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The History of Money


Perhaps one of the earliest forms of money was barter: the exchange of one specific good or service for another specific good or service, such as bartering a bag of rice for a bag of beans. Difficulties with this system arose when the bartering parties could not agree what something was worth in exchange, or when one party did not want what the other person had. To solve that problem, commodity money was introduced. In the past, salt, tea, tobacco, cattle, and seeds have all been used as money, because of their importance to local economies. As the world developed it was discovered that using commodities as money presented new challenges. Carrying bags of salt and other commodities was difficult. In addition, commodities might have a short shelf life, after which they perished. Around 5000 B.C .E., metal objects were introduced as money because metal was readily available, easy to work with, and could be recycled. Other countries were soon minting their own coins with specific values. Metals such as iron, copper, silver, and gold were used to make coins. The problem moneymakers had was that some metals change as they rust. Only silver and gold kept their condition; these prevailed as the two main metals used for currencies in the world. The demand for gold and silver was driven not only by their practical use, but also by their role as investments and a store of value. The Roman Empire used gold currency called the denarius (or dinar), while the Persian Empire used silver and called it dirham (or drachma in the Byzantine Empire). The Muslim state used the gold dinar and the silver dirham as the official Islamic currency beginning with the Second Caliph Omar Ibn Al-Khattab (634-644 C.E.). The dinar was defined as the weight of 22-karat gold equivalent to 4.3 grams, and the dirham as the weight of silver equivalent to 3.0 grams. At that time, the caliph established the well-known standard relationship — 7 dinars must be equivalent to 10 dirham.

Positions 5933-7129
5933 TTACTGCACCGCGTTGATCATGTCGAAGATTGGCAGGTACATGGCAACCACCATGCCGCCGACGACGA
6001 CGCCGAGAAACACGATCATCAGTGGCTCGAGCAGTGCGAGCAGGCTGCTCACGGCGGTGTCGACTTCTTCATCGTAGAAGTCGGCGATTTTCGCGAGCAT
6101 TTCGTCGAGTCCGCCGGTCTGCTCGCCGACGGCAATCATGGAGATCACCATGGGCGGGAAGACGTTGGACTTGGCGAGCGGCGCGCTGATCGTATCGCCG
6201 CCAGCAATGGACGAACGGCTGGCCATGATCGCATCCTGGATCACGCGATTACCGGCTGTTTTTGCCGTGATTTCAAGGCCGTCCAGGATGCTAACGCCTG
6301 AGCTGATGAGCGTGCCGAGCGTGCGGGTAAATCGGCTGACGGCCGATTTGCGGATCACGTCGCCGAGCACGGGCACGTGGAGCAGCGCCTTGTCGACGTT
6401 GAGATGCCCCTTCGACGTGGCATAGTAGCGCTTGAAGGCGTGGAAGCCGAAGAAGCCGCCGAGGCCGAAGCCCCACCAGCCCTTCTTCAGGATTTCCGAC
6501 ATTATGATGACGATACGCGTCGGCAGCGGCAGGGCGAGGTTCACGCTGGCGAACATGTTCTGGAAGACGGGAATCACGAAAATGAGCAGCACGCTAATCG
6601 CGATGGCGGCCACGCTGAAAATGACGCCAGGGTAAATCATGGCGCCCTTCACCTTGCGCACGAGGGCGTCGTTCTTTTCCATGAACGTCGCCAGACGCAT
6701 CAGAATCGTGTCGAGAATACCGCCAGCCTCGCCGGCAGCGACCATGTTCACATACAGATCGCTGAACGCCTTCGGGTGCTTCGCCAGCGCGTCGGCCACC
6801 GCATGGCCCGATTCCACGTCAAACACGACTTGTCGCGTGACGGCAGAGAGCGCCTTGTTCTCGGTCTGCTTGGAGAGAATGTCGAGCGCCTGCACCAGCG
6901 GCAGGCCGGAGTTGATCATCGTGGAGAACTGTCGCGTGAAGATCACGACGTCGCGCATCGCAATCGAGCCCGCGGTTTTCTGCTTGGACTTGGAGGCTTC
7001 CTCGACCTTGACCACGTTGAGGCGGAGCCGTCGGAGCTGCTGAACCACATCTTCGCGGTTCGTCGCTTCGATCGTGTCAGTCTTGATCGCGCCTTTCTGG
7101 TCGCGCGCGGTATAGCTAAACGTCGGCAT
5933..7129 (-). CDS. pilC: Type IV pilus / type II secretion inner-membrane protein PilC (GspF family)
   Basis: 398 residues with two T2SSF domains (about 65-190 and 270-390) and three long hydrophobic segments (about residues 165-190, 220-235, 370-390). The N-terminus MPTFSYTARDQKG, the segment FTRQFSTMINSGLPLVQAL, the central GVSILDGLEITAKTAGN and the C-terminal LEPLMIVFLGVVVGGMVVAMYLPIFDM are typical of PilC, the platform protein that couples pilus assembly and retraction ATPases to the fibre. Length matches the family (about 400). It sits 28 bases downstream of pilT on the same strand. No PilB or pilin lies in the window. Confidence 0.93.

• [1] J. Laurence, The History of Bimetallism in the United States (New York: D. Appleton and Company, 1901), chapter 8.
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